Cardiac Muscle Contraction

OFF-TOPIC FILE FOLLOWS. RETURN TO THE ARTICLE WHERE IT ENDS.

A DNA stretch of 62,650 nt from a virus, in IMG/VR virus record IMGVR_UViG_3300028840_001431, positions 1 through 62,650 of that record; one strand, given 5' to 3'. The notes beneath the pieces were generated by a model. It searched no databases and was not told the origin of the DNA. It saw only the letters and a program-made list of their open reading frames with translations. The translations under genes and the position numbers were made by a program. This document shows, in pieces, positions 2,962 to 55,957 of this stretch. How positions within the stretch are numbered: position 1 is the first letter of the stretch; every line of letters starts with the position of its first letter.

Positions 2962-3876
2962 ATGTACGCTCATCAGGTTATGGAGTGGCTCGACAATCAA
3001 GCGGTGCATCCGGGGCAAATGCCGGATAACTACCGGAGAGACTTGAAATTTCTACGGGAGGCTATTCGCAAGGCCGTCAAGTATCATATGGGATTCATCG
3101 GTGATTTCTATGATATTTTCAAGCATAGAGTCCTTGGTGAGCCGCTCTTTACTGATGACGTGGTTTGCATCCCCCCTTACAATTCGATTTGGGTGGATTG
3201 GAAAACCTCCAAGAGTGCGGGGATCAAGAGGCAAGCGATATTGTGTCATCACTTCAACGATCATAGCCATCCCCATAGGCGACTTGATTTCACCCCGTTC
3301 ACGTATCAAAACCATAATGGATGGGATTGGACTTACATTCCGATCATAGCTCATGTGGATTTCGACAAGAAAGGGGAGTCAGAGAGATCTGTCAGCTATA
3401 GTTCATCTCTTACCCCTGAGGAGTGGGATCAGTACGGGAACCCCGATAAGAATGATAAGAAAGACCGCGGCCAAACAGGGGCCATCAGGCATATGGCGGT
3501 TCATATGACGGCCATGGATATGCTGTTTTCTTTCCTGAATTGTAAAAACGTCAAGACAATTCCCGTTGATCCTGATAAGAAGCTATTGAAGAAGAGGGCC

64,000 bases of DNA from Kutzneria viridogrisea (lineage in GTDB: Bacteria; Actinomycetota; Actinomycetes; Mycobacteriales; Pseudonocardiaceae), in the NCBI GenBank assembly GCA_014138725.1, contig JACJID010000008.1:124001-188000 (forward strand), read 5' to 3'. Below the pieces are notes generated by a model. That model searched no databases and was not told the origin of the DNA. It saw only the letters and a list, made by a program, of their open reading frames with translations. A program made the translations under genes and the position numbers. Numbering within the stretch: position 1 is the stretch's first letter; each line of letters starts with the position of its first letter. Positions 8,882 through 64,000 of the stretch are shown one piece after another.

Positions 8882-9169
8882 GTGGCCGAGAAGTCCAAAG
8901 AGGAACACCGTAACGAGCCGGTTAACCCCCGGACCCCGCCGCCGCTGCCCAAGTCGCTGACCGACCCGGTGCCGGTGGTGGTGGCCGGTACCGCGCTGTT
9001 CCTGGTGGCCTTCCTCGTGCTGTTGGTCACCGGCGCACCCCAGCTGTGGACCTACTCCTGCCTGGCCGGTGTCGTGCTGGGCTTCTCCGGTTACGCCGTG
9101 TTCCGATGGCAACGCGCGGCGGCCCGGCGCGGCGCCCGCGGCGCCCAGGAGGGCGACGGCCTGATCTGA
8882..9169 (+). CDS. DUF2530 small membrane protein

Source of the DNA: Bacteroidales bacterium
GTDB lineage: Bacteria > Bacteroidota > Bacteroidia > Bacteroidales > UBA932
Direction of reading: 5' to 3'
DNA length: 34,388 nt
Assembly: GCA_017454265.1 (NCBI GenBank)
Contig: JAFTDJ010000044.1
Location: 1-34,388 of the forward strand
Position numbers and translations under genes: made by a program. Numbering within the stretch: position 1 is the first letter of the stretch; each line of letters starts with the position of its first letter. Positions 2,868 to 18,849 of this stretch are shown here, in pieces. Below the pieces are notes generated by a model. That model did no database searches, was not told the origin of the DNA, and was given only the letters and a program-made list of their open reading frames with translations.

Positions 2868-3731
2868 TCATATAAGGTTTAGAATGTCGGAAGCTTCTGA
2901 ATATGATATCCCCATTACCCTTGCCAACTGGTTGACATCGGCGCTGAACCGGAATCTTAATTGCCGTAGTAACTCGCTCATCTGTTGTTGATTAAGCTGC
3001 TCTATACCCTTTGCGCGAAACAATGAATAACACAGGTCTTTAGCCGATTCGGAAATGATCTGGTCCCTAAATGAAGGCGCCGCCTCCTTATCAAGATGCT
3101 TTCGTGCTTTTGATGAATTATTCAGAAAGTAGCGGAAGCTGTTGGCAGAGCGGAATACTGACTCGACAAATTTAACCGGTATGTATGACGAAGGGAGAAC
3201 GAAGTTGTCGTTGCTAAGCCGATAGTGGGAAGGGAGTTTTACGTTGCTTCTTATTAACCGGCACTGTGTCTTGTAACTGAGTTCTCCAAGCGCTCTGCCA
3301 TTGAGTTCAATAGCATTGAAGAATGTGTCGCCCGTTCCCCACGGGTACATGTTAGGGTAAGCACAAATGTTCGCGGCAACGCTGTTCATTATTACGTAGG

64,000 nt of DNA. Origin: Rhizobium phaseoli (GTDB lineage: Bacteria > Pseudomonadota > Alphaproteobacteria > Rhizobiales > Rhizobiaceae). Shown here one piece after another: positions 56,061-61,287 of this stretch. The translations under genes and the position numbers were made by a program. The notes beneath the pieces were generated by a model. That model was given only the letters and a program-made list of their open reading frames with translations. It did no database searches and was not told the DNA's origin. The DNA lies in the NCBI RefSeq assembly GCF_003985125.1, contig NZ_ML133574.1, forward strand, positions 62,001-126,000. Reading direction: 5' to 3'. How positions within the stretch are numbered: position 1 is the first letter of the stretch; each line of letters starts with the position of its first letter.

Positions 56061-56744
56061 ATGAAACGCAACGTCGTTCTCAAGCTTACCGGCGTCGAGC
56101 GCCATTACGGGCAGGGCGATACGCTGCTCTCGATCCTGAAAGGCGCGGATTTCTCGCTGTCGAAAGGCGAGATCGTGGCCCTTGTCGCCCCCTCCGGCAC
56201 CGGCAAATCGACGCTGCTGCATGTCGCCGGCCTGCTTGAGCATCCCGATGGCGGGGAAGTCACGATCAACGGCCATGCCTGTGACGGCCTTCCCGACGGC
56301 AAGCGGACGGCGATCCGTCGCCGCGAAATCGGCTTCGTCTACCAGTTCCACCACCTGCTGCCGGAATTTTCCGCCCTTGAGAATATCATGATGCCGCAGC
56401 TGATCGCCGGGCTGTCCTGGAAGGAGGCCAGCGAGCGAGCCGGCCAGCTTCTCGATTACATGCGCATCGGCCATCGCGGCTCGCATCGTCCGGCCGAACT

hi everyone in this video we're going to talk about cardiac muscle contraction and in order to do so we need to review and expand upon our previous discussion of cardiac muscle tissue so this drawing should look a little bit familiar what I'd like to do is take a cross-section of the cell and draw in some of the structures so that we could start to see them in three dimensions so first we have our sarcolemma which is the cell membrane of a muscle cell and inside of the cell is many many myofibrils and myofibrils are bundles of filaments particularly actin and myosin and surrounding the myofibrils are the sarcoplasmic reticulum which is comparable to endoplasmic reticulum in other cells but in muscle cells we call it sarcoplasmic reticulum and it's really notable for storage of calcium we also have these structures called t tubules and the t tubules are basically like tunnels that are that are sort of threw out then the muscle cell and then we also have abundant mitochondria so let's just draw the myofibril and we'll sort of organize the filaments that are contained within the Maya fibril so we can become a little bit more prepared to talk about what happens during muscle contraction so in orange we have myosin fibers and the myosin which we mentioned before as a protein has these little sort of heads that come off of off of it on either end of the myosin and eventually we're going to use the Masen head to interact with the actin so we'll use that structure to allow for muscle contraction the green is actin and actin is basically there are multiple forms of actin and I like to think of actin as kind of like a bead of pearls and in this drawing I only drew one sort of chain but actually a gene is sort of two intertwined chains of pearls and then it's surrounded by in blue tropomyosin and attached to tropomyosin is troponin in red we see Titan Titan is another a protein that actually sort of anchors the myosin to itself and then also connects to actin along what we call the Z line so the myofibril is actually very long and we sort of break it into segments and we actually divide the segments by Z lines so between one z line in another Z line we call that a sarcomere and so that's basically like the functional unit of the myofibril and so we can sort of think of the muscle shortening based upon this particular organization from z line to z line now the m line is like the midline of the of the myosin and then we have several bands and so the H band is basically the space between the actin filaments so it's just made of myosin and then there's an AI band and the AI band is the space between the myosin filaments where there's just actin and then the H band is kind of an adult little category because we actually sort of see an alternating pattern in between all the I bands is a band in a band contains the h band but basically it's from this from the point of overlap of the actin myosin where that begins all the way till it ends for the the myosin filament so basically it's like the entire length of the myosin the mouse and fibers and so we see this alternating pattern I bend a band I've in a band and so on and so what I just want to point out is that if we were to we'll just draw this a little bit smaller up here we can actually see that the as the IB end and the Abyan sort of alternate we get this sort of pattern and it actually looks like stripes so you notice that in this picture the filaments actin-myosin are in the horizontal direction but the stripes are actually in the vertical direction and so the stripes is what actually we refer to as striations and that's where we get our strategy appearance of cardiac muscle tissue okay so now let's draw the myofibril again in this drawing I want to talk a little bit more about the t tubules that we saw in the previous drawing and so in in cardiac muscle we see we are still organized by sarcomeres and then in between each of the sarcomeres is sarcoplasmic reticulum and that basically surrounds myofibril it's cylindrical in its conformation and then we'll just draw in the cell membrane and we'll see that the t tubules sort of extend along the Z line and so it's a little bit difficult to depict in this particular drawing but I want to sort of convey that the the t tube you will sort of encase that particular section of the myofibril but also extends to the cell membrane so technically everything that's sort of within the t tubulin is extracellular fluid okay so now let's just sort of pretend that we're taking a slice along the Z line we'll just draw a cross-section so we can look sort of at it head-on so we can see multiple mile five rolls in this particular cell and the myofibrils are surrounded by the t tubules only get basically is the sort of network of tunnels so i just want to reiterate that because this is a cross-section at the T tube you'll if we were to take a cross section at a slightly different place we wouldn't see exactly this picture we would see something slightly different so this is this is just sort of one view at the point in space where we decide to take this to make this drawing now let's take this same original drawing and let's actually slice it right down the middle it's almost as if we cut right into the middle of the myofibril so you can see the t tubules still extends above and because we cut a cross section here we're not able to see that the T tube you would actually sort of come out of the page and then still surround the the Z line of the mouth fiber book since it's no longer three-dimensional we're just trying it flat will destroy the Z line right in the middle and then we have of course our myosin filaments and our actin filaments and also just take sort of a cross-section of our sarcoplasmic reticulum so it's kind of like a web-like structure and so just sort of envision everything that's kind of within the purple lines is going to be sarcoplasmic reticulum and then within the bases in the middle be ECF and um so this'll above a cartoon drawing but I'm just hoping that will kinda get the point across so I really want to convey more than anything in this picture is the proximity of all the structures the t-tubules to the sarcoplasmic reticulum and then also to the myofibril and that's going to become important as we explore the relationship between each of each of these structures and then lastly let's just zoom in on the t2 Buhl and the sarcoplasmic reticulum and one thing I want to mention is that we know already that calcium is in high concentration in the ECF so there is a high concentration of calcium in within the t2 Buhl and within the sarcoplasmic reticulum there's also a high abundance of calcium major function of the sarcoplasmic reticulum is storage of that calcium and that's actually because we need the calcium for muscle contraction so let's go ahead and draw a couple channels in the membrane so there is a voltage-gated calcium channel in the membrane of the t tube you'll and this voltage-gated calcium channel is is is sort of associated with several receptors including the dihydropyridine receptor or d h PR and one thing that we really haven't talked much about yet is the the potential for a voltage-gated channel to be blocked in some way so we've mentioned you know that there could be an agonist or an antagonist that could block a ligand gated channel but we really haven't mentioned how that because this could happen in a voltage-gated channel so what it will be easiest to envision is this channel is is you know more or less cylindrical or three-dimensional in structure and so there's a sort of a tunnel in the middle it's not different just because it's a voltage-gated channel and so somewhere within the inside of that channel is actually a receptor and that receptor if something binds to it will I mean there's a couple of sort of ways to look at it one is that there's now physical obstruction that's preventing the ion to pass through and then also the sort of thing to consider is that how it binds it could stabilize the the particular channel in an inactive State and so therefore it just isn't really able to open in response to depolarization or hyperpolarization whatever the particular channel is is sensitive to and so in this particular case they really mention this receptor because this is the receptor that's blocked by certain types of calcium channel blockers including diltiazem now we also notice a second voltage-gated calcium channel that's present in the membrane of the sarcoplasmic reticulum and this particular voltage-gated calcium channel is associated with the ryanodine receptor and the ryanodine receptor is of particular interest to us because in skeletal muscle so it's not true so much for cardiac muscle and skeletal muscle certain types of patients might have a mutation in the Reina D and receptor where they have a significant increase in the calcium that's able to follow out account of stimulation and this is what leads to malignant hyperthermia so that's the disease process that is discussed you know in conjunction with certain medications such as succinylcholine all right so now we also want to draw in a couple of transporters in the different membranes so let's draw in a transporter for calcium in the membrane towards the sarcoplasmic reticulum so the this particular transporter is atp-dependent and so we'll put ATP in the middle it transports calcium it is a pump so it's moving calcium against its concentration gradient from the cytosol into the sarcoplasmic reticulum and this transporter is actually called circuit stands for Sarco endoplasmic reticulum calcium atpase but it's really just think of it as a calcium pump that pumps a calcium back in and so this is important because when we pump the calcium back in we make the calcium available for the next contraction so we want to affect the rate of contraction in the heart what we would do is we would utilize medications that will cause a number of effects including faster reuptake of cows so that we can get faster depolarization and contraction the next time around we also have a just plain old calcium ATP pump that comes the calcium out of the cell into the ECF we have a sodium potassium pump which we are already familiar with and last we have NC excess sodium calcium exchanger so the this particular transporter does not have does not utilize ATP instead it actually functions by secondary active transport so the sodium gradient is a high concentration of sodium outside of the cell low concentration of sodium inside the cell so the sodium is able to move down its gradient we're actually moving in three sodium for every one calcium that's exchanged in the in this particular transporter so as the three sodium ions move in one calcium ion is moving out and so it's harnessing the energy from the movement of sodium in from that data from from down that gradient in order to transport the calcium out okay so now let's talk about what happens during depolarization so we know that cardiac muscle cells are connected by intercalated disks which contain gap junctions and so the way the cardiac muscle cell is going to be depolarized is by way of sodium movement through the gap junctions from one cell to the next so we can see the sodium that moves in along the membrane and as the sodium reaches the first voltage-gated calcium channel in the T 2 Buell we can see that the voltage-gated channel will be activated and calcium will be able to move in to the cytosol down its gradient and then the calcium now is increasing the positive charge in this vicinity which is also near the second voltage-gated calcium channel that is present in the sarcoplasmic reticulum membrane and so we have a process called calcium induced calcium release meaning as the calcium is moved through the red voltage-gated calcium channel in the T tube you'll it activates the voltage-gated calcium channel in the sarcoplasmic reticulum which involves more calcium movement in the cytosol so sort of like a cascade of reactions calcium release causes more calcium release but from a different source so it's called calcium induced calcium release and so what happens after the calcium is in the cytosol is it floods its way down to the myofibril and it's actually going to associate with troponin which is present on actin and so the calcium is basically one of the two major components that allow for muscle contraction to occur we're going to explore that a little bit more in a moment what I want to mention is that we said we have all of these transporters cerca the calcium pom the sodium potassium pump and ncx all present and they their job is to remove the calcium from the cytosol and transport it either back into the sarcoplasmic reticulum or into the ECF and so once this calcium floods down into the myofibril it will associate with a troponin for a little bit and then eventually all of these structures are going to pump the calcium back where it originally started and that will actually lead to muscle relaxation so arrival of calcium is associated with contraction and removal of calcium is associated with relaxation and so we think about the non pacemaker action potential we recall that there is a plateau phase it's all about calcium movement into the cell and the sources are from the t tubules and from the sarcoplasmic reticulum so that we can have this association of calcium with the myofibrils this is a really good demonstration of what's called excitation contraction coupling it's also a sort of you could think about electrical function versus mechanical function electrical function is all about the depolarization and making the calcium available but mechanical function is about calcium's job in muscle contraction and so without that first part we can't have muscle contraction both that muscle contraction we don't really have any real cardiac function so the two are invariably linked okay so now to finish up our discussion on muscle contraction let's just sort of draw the structures a little bit larger and take a better look at what happens in terms of the axon of myosin interaction so we notice that we have actin we have tropomyosin and we have troponin and those three are all connected and then we have myosin and we mentioned that the myosin has these heads that sort of extend off of it and we're drawing this muscle in a relaxed state so actin and myosin are not connected to each other but the myosin heads are holding on to an ADP and inorganic phosphate so think of an ATP that's already been split but the myosin is harnessing the energy from the split from from breaking off that inorganic phosphate and it's holding onto both these molecules and so there's one ADP and inorganic phosphate for each myosin head and so let's just remember real quick that we have calcium that's coming from the sarcoplasmic reticulum the calcium is going to bind to troponin and so when calcium binds to troponin there's a the there's a sort of a cascade of events that occur so when calcium binds the troponin tropomyosin moves off of the myosin binding site so normally at rest it covers the myosin binding site on the actin and it doesn't allow for myosin and actin to interact but when there's calcium available the tropomyosin moves out of the way and now there's a binding site on actin that's available for myosin to sort of grab on to and as soon as that happens the myosin binds to the actin and so we'll just show it again and this time we'll show the myosin actin connect it and so when the actin and myosin are connected we actually call that cross bridge so cross bridge formation is the act of binding acting to myosin and and and so once they're connected they're they're sort of we just say that the connection is a cross bridge so initially as soon as this connection is made the ADP and the inorganic phosphate are still attached but next what's going to happen is the myosin heads are going to sort of pull towards the center of the myosin so remember the heads are pointing sort of away from the center so we're going to pull towards the center in what's called a power stroke and so as they pull towards the center they're utilizing the energy that's from the ADP and inorganic seit split and so as this energy is utilized the ADP and inorganic phosphate are released I just want to draw quick analogy to the to the idea of cross bridge and power stroke just to sort of make sure that this sinks in so let's imagine like a canoe or like crew and then there's a bunch of people that are all sitting in the boat together and they're holding all their paddles and you can imagine that if you know they're going to be sort of all synchronized but they will all pick their paddles up at the same time that would be the active medicine are not connected they dig the pedals into the water at the same time that's our cross bridge and then they pull back in order to propel the boat forward and that is our power stroke and the energy is truly expended during that pulling of the water back to move the the boat forward and so that's when the energy would be released and then what they'll do next is they will pull their the they will pull the paddles back out of the water they will reach forward and then they will dig the paddle in again in order to move the boat forward once more so that relationship is exactly the same as what happens in actin and myosin except that in the case of the paddles coming out of the water in order for the myosin to separate from the actin a new ATP must arrive and the new ATP is actually going to allow the release of myosin from actin and then immediately after that as the head has moved back into place the ATP will be split into ADP and inorganic phosphate for utilization in the next time that the myosin head connects to the actin so as long as the calcium is still available the myosin heads will release and then they will reach up and they will attach again so this is like a sort of a continuous process this happens like a couple of times in a row and so we essentially are going to get shortening of the muscle so remember that the myosin when we looked at the original drawing there was sort of like a midline for Miocene and on either side are these heads and in both cases the heads pull towards them and so it actually causes the shortening of the muscle fiber I'll take gather and so this process just sort of repeats over and over and over again until that calcium is taken back up into the sarcoplasmic reticulum and expelled from the cell into the ECF and then we need a new depolarization order for the next muscle contraction to occur all right so that concludes our explanation of cardiac muscle contraction and I really recommend if if the first couple of videos haven't come together yet now that we've come full circle and seen muscle contraction it's really very important to go back and make sure that there's a clear understanding of the relationship between electrical function and mechanical function or conduction and contraction that's all for this video thanks for watching